It isn’t the amount that makes me happy. (It’s usually a trickle, no more than five or ten dollars, though in a rare month the dollars can spike higher.) It’s the acknowledgement that someone continues to derive value and meaning from one of my “very creative, heart-warming stories.”

That phrase in quotes is the way the staff at Barnes & Noble in Mesa, Arizona describes my books on their shelves. When I saw this, I felt honored because the motivation for my writing comes from my heart and the myriad of emotions–love, loss, happiness, discontent, hope, disappointment–we all feel.

Recently, a development director with the American Heart Association (AHA) in Arizona asked if I would be an Executive with Heart to help raise money for their 2023 campaign. Without hesitation, I said “yes.”

Technically, it runs from February 1 through March 24 and concludes with a Heart Walk in the Valley of the Sun. But on “Giving Tuesday” this year (November 29) I will donate the $200 in book royalties I have earned in 2022 to the AHA to help support the fight against heart disease and stroke. An anonymous donor will match that amount.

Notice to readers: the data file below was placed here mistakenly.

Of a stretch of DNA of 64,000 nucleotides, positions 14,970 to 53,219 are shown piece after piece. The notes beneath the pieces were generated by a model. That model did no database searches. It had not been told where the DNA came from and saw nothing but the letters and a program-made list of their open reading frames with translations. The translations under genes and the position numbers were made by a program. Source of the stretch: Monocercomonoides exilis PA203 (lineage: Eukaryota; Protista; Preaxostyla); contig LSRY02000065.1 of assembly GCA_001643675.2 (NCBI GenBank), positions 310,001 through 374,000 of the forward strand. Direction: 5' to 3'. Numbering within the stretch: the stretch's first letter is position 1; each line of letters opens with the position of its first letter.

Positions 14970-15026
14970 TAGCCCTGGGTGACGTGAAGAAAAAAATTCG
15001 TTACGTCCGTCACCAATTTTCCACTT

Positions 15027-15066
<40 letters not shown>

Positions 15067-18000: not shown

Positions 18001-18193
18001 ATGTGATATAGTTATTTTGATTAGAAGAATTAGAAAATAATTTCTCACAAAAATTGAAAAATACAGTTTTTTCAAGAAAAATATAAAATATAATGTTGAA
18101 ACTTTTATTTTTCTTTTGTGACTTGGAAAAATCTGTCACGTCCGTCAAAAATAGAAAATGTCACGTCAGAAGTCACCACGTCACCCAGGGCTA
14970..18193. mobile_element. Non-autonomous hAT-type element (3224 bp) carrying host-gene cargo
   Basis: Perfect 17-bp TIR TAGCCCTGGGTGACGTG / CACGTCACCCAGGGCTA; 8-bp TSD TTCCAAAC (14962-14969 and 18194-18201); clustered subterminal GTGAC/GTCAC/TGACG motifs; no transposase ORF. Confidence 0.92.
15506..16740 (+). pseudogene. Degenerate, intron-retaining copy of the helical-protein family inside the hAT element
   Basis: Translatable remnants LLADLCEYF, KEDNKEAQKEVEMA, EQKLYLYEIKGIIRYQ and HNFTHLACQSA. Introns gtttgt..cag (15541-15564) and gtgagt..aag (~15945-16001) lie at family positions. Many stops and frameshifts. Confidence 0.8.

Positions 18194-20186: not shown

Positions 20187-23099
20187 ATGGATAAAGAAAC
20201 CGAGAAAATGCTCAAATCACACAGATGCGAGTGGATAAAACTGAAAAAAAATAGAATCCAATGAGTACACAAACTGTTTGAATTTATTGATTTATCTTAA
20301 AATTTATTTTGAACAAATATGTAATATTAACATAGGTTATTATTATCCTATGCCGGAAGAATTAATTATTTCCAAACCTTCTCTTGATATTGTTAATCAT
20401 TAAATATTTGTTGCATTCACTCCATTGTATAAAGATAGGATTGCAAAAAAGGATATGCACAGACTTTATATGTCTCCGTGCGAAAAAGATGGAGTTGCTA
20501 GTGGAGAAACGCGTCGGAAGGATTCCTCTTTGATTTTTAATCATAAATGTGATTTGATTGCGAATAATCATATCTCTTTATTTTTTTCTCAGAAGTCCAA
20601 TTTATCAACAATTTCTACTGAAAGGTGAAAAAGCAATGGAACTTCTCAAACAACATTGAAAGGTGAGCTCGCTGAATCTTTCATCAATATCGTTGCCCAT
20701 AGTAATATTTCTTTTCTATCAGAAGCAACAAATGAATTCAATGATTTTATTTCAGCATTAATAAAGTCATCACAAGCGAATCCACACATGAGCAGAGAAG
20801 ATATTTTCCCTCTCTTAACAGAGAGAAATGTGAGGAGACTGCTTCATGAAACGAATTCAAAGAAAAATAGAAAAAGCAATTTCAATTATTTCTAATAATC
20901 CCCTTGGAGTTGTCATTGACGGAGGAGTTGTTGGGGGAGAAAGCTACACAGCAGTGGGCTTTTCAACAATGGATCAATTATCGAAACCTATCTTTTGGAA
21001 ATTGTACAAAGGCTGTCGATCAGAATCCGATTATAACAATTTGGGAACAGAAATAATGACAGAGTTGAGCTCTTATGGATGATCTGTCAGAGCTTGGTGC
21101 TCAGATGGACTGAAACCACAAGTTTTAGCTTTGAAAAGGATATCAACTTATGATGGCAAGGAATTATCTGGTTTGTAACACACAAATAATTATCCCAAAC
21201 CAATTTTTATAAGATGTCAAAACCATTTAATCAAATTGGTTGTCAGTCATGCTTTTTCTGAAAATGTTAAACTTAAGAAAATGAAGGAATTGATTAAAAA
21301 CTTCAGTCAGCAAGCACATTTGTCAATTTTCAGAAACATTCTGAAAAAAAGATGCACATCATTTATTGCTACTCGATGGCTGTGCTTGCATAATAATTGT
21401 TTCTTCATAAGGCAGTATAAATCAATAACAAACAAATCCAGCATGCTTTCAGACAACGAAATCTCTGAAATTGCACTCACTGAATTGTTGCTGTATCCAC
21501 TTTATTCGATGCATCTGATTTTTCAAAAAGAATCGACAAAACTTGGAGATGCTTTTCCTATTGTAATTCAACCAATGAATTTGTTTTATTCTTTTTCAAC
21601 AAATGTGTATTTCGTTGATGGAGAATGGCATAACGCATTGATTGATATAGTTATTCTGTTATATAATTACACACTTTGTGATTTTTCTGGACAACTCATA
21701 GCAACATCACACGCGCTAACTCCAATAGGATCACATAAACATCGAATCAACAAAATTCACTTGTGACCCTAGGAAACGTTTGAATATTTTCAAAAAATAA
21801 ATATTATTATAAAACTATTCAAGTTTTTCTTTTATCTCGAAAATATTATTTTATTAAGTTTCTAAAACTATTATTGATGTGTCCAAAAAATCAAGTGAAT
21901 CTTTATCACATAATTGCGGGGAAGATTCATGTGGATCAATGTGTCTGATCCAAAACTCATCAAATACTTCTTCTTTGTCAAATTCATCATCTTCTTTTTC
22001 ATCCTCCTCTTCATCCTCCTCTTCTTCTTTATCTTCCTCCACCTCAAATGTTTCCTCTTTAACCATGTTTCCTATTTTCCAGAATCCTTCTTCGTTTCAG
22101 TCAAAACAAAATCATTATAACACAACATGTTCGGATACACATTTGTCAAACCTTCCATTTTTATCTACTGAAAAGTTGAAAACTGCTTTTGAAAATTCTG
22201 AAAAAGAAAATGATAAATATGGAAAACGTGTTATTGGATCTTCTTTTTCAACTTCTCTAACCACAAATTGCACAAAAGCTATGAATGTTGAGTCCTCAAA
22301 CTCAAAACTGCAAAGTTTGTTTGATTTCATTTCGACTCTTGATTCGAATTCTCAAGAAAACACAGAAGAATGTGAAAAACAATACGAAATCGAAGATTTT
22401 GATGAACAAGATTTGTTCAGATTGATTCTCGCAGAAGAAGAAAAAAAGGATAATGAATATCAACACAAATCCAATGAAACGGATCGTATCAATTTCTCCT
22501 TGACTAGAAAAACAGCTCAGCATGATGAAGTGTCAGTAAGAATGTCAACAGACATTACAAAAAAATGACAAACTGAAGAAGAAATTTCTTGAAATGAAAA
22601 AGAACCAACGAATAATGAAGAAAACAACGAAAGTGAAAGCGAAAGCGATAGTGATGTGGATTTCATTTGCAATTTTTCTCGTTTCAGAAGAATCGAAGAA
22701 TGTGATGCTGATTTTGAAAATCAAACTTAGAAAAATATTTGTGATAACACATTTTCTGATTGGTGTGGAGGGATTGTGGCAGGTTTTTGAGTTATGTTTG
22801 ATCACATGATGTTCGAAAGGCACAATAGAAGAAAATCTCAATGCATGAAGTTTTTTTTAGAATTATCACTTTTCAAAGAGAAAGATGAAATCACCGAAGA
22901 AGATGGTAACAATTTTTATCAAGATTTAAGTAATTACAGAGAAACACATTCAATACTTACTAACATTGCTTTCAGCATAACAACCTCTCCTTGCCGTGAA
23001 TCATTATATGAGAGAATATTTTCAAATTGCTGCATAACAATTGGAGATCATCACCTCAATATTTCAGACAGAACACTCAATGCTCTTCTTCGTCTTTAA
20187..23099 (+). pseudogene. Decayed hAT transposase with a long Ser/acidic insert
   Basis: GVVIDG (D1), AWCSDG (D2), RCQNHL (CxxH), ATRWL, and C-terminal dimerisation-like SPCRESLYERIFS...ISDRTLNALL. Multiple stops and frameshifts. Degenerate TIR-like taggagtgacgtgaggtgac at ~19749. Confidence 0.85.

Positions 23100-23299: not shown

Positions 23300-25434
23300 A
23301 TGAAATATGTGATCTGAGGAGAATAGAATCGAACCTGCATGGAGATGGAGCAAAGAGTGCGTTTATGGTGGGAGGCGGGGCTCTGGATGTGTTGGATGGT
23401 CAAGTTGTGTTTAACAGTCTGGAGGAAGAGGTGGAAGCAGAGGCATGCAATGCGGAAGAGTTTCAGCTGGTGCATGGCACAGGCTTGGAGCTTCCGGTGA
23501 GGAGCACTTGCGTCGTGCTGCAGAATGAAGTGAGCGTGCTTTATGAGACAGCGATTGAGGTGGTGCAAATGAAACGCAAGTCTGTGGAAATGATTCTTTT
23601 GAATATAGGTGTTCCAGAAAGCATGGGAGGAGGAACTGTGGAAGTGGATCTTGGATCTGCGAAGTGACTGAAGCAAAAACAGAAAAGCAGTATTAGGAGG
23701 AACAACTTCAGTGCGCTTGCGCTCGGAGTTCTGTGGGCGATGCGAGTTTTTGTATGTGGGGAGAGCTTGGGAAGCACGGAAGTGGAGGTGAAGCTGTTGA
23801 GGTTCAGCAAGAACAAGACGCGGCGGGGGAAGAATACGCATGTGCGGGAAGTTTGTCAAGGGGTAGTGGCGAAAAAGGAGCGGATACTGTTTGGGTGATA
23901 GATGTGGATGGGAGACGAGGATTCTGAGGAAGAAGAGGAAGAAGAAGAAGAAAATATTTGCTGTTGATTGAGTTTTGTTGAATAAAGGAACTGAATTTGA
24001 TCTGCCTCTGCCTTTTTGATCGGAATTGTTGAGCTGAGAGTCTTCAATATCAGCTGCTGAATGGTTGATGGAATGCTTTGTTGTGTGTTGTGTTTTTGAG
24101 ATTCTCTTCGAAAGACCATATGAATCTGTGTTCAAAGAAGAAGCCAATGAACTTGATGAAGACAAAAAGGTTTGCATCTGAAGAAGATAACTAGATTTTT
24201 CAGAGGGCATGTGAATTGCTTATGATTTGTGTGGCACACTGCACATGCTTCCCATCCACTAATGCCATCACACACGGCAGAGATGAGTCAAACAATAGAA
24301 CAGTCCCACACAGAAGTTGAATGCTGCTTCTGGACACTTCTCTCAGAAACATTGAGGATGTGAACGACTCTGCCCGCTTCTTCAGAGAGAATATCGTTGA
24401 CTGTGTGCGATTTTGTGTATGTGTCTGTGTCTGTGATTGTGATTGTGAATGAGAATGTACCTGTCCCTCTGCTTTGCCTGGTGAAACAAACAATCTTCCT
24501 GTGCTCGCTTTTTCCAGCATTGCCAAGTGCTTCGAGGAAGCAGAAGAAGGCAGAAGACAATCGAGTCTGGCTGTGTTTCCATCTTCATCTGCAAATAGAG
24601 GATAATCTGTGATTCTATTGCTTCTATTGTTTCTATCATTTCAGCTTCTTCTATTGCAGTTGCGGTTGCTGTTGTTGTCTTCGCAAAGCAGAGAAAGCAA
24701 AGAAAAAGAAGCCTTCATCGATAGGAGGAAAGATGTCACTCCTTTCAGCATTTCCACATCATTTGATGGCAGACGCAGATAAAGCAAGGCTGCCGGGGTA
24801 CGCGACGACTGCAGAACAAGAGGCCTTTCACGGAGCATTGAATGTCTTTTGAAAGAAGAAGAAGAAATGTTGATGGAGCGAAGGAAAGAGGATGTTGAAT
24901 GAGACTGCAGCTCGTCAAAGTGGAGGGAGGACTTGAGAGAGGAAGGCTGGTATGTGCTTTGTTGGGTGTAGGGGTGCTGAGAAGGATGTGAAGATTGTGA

Ironically, in the coming few months, I will remember both of my parents who succumbed to heart disease. My dad died after suffering his second heart attack on November 26, 1993. It was the day after Thanksgiving twenty-nine years ago. My mother passed on January 26, 2013–nearly ten years ago on a frigid Illinois morning–due to congestive heart failure.

In their honor, I will increase my $200 donation to the AHA by $10 for every purchase of An Unobstructed View between now and November 29. In case you don’t know, the book is a personal account of my transformative journey with Tom, moving from Illinois to Arizona in 2017 and navigating a frightening detour in St. Louis in between. It’s my heartfelt story of survival.

I hope you’ll purchase a copy for yourself or a friend. When you do, you will fill my heart with joy and benefit others–like me–who are building strong hearts and longer, more meaningful lives.

Over the next few weeks as we celebrate the Thanksgiving holiday in the United States, I encourage you to also give thanks for those you love and those who love you … and the heart that beats inside you every moment of every day.

My Fortunate Life